Influ­en­tial Women: Anne Frank

Peg­gy J. Parks
  • Review
By – March 24, 2017

Pre­sent­ing young peo­ple with a good overview of Anne Frank’s era, this book starts with her par­ents’ back­grounds dat­ing from before they mar­ried and ends with the pub­li­ca­tion of Anne’s diary. 

As Anne’s fam­i­ly was wealthy and influ­en­tial, it was hard to for them to accept that their posi­tion and safe­ty were threat­ed when Hitler became the Chan­cel­lor. The restric­tions placed on the Jews which includ­ed boy­cotts and the wear­ing of the Jew­ish star were only the begin­ning. Hop­ing that mov­ing to the Nether­lands would pro­vide them phys­i­cal safe­ty and busi­ness oppor­tu­ni­ties, the fam­i­ly left Ger­many. How­ev­er, their respite from per­se­cu­tion was short lived. In 1940, after Hitler invad­ed Hol­land, the fam­i­ly went into hid­ing. In this hid­den annex in the back of Otto Frank’s busi­ness, Anne wrote her diary. After their hid­ing place was dis­cov­ered and they were shipped off to West­er­bork, a deten­tion cen­ter, they were clas­si­fied as crim­i­nal Jews”. This cat­e­go­ry was des­ig­nat­ed for those who had been hid­ing to escape depor­ta­tion”. They were giv­en the dirt­i­est and most unhealthy jobs, which for the women in the Frank fam­i­ly meant clean­ing and break­ing bat­ter­ies apart. Sub­se­quent­ly, Edith, their moth­er, and the girls were shipped to Auschwitz-Birke­nau, a death camp, where due to the unsan­i­tary con­di­tions and bug infes­ta­tions, they con­tract­ed sca­bies. It was here that Edith was sep­a­rat­ed from the girls and, in a short time, died. Mar­got, Anne’s sis­ter, and she were trans­ferred to Bergen-Belsen where the girls, weak from exhaus­tion and star­va­tion” died from typhus. Otto Frank was the only one who sur­vived the camps, but was hope­ful that his daugh­ters were alive.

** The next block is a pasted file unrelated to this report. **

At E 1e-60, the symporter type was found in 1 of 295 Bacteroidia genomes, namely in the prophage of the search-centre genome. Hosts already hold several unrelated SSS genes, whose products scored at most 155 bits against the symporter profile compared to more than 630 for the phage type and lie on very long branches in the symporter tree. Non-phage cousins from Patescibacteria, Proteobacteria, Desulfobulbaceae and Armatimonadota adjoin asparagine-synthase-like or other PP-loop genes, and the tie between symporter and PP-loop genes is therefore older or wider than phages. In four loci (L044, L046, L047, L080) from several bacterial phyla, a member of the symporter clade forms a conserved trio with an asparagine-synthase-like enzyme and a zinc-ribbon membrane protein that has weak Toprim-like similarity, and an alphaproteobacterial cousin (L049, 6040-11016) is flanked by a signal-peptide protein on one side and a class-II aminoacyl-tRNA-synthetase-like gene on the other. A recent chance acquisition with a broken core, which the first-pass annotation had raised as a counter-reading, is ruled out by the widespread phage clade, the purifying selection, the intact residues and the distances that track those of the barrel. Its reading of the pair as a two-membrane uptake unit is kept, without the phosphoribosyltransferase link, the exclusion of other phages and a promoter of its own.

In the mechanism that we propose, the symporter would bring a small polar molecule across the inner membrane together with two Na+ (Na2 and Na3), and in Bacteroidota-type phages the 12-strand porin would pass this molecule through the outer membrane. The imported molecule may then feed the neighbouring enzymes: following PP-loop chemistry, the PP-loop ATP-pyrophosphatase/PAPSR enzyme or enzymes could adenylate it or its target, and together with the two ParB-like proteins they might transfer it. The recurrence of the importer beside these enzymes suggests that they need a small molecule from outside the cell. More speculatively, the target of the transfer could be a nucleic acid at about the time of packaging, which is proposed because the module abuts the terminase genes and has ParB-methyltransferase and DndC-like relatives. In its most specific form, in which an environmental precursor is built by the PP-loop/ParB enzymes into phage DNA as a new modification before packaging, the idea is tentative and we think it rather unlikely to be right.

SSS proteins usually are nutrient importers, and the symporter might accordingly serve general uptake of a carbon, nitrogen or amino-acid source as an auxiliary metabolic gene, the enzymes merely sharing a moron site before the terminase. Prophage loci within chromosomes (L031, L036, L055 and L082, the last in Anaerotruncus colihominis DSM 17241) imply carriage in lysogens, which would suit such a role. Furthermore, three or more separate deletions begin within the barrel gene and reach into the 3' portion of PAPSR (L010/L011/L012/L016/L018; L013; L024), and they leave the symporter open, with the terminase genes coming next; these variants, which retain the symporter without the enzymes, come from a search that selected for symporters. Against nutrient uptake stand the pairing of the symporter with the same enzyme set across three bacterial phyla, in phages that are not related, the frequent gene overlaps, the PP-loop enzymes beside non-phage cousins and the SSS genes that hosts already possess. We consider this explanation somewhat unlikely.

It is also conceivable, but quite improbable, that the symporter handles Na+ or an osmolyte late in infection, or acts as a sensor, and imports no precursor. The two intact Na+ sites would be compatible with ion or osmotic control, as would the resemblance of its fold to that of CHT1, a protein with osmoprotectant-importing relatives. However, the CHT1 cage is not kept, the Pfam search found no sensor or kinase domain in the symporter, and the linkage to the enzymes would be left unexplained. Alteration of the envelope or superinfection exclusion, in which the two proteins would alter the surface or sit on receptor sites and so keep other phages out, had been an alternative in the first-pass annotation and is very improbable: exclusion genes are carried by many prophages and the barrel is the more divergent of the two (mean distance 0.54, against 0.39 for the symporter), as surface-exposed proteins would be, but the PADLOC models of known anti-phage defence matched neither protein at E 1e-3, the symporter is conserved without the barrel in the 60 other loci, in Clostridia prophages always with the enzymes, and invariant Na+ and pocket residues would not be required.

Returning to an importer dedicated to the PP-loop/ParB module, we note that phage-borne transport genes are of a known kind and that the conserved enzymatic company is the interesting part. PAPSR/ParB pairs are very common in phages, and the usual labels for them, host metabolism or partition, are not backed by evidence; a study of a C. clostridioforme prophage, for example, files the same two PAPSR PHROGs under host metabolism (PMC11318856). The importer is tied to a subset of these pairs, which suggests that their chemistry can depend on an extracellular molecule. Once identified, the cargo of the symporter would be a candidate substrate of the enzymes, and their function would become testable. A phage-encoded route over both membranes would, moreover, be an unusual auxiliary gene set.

In 1945, he got con­fir­ma­tion that his daugh­ters were dead. At this time he was liv­ing with Miep Gies, one of his for­mer employ­ees who had played a key role in their sur­vival while the Franks were in hid­ing. She was the one who had dis­cov­ered and saved the pages from Anne’s diary and sub­se­quent­ly gave them to Otto.
The remain­der of the book deals with how dif­fi­cult it was to get Anne’s diary pub­lished as it was a grim reminder of things that had hap­pened that many did not want to relive.
This book presents a his­tor­i­cal­ly accu­rate pic­ture and will be of val­ue to young peo­ple learn­ing about the Holo­caust, mak­ing it eas­i­er for them to under­stand com­plex events by fol­low­ing the painful his­to­ry of one family. 

This is part of a publisher’s series fea­tur­ing women of note. Rec­om­mend­ed for ages 11 and up.

Marge Kaplan is a retired Eng­lish as a Sec­ond Lan­guage teacher. She is a con­sul­tant for the children’s lit­er­a­ture group for the Roseville, MN school sys­tem and is a sto­ry­teller of Jew­ish tales.

Discussion Questions